Pro-Kremlin sociologists record an extremely low level of protest activity in Russia against the background of the Ukrainian war. In particular, the Social Opinion Fund notes that only about 15 to 25 percent of citizens are inclined to express open disagreement in today’s Russia (Media.fom.ru, July 8). Telegram channels loyal to the Kremlin connect this tendency to social disapproval with protests in time of war, sanctions from the authorities and the elimination of nonsystemic opposition from the internal Russian information space (Tgstat.ru, July 10).
However, an influential group is informally forming in the country that has authority among the “pro-Putin majority” and simultaneously allows itself to criticize the government at times. These are those who directly, or indirectly, engage in the Russian-Ukrainian war on the Russian side: war correspondents, the most odious propagandists, leaders of pro-Russian “militias,” volunteers, and the like.
They are of a wholly radical character, demanding that the war be “conducted to a victorious end” and vowing loyalty to the Russian army (Komsomolskaya pravda, April 1). These are the people the Kremlin bets on in its militaristic propaganda, portraying them as “heroes of contemporary Russia” (Novorosinform.org, March 4). However, in recent months, this group is beginning to strongly criticize Moscow’s actions.
For example, following Russian-Ukrainian negotiations in Istanbul on 29 March, many propagandists began a massive information campaign accusing participants in the talks of “treason” and “surrendering national interests” (The Insider, March 29). The extent to which this was a government-coordinated effort is unknown, but, in large part, it became the primary justification for ending the negotiations (Regnum, March 29).
Several war correspondents have gone even further and threatened the Kremlin with a “coup” over “unjustified bans” on war coverage (EADaily.com, May 3). Some Kremlin political scientists have expressed concern that, soon, overly freedom-loving correspondents will be “forced into obedience,” as they become overly popular to “new Russian politicians” in expressing the interests of ordinary people; and, ultimately, the system does not like “upstarts” (Tgstat.ru, July 10).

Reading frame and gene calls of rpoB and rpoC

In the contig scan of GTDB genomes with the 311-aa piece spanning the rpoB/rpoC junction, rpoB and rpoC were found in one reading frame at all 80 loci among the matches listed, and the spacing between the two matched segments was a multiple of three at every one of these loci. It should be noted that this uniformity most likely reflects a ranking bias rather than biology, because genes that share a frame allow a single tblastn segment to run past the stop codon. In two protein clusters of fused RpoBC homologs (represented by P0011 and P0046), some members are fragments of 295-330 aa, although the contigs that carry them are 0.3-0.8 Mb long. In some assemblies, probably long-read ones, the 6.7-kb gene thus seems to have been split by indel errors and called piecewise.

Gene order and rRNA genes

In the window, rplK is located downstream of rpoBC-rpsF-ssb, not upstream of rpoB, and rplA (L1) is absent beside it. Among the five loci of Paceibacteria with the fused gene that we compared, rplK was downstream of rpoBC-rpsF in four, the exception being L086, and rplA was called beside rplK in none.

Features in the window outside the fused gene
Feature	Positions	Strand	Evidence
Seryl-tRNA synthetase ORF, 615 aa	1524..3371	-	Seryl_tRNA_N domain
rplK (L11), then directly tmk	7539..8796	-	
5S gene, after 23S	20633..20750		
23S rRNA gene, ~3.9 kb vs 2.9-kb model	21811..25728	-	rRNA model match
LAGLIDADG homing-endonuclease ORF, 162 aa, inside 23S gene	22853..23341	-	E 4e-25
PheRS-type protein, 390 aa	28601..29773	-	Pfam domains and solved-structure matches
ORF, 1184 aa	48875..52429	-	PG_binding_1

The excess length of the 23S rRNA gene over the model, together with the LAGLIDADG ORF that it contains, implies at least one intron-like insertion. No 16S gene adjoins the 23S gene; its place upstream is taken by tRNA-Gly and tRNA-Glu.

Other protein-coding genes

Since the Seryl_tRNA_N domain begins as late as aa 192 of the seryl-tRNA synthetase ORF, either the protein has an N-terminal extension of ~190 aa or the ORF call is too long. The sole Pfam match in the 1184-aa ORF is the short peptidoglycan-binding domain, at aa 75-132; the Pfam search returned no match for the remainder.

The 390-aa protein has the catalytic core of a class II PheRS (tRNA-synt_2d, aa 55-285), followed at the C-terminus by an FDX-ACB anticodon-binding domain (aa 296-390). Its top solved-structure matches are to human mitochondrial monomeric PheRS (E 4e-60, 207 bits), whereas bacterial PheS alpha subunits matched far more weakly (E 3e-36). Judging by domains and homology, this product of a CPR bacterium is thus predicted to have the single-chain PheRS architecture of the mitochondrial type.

As early as 2014, Moscow officials began addressing the potential risk of a radical Russian minority from the war with Ukraine returning home and becoming problematic. In this regard, Ukrainian experts declared that the Russian special services were behind the murders of the “heroes of the Donbas militia” and the leader of the self-proclaimed Donetsk People’s Republic, Alexander Zakharchenko, attempting, in the process, to place people more loyal to the Kremlin in those positions (DSNews, August 31, 2018).
Indeed, Russian authorities preferred to “ignore” these deaths and did not investigate the murders (Gazeta.ru, October 17, 2016). At the time, militaristic propaganda had not yet reached its zenith, and the number of Russians personally involved in the events in Donbas was comparatively small. Now, the war has a comparatively greater impact on Russian society, and the Kremlin is trying to involve as many people as possible in its aggressive policy.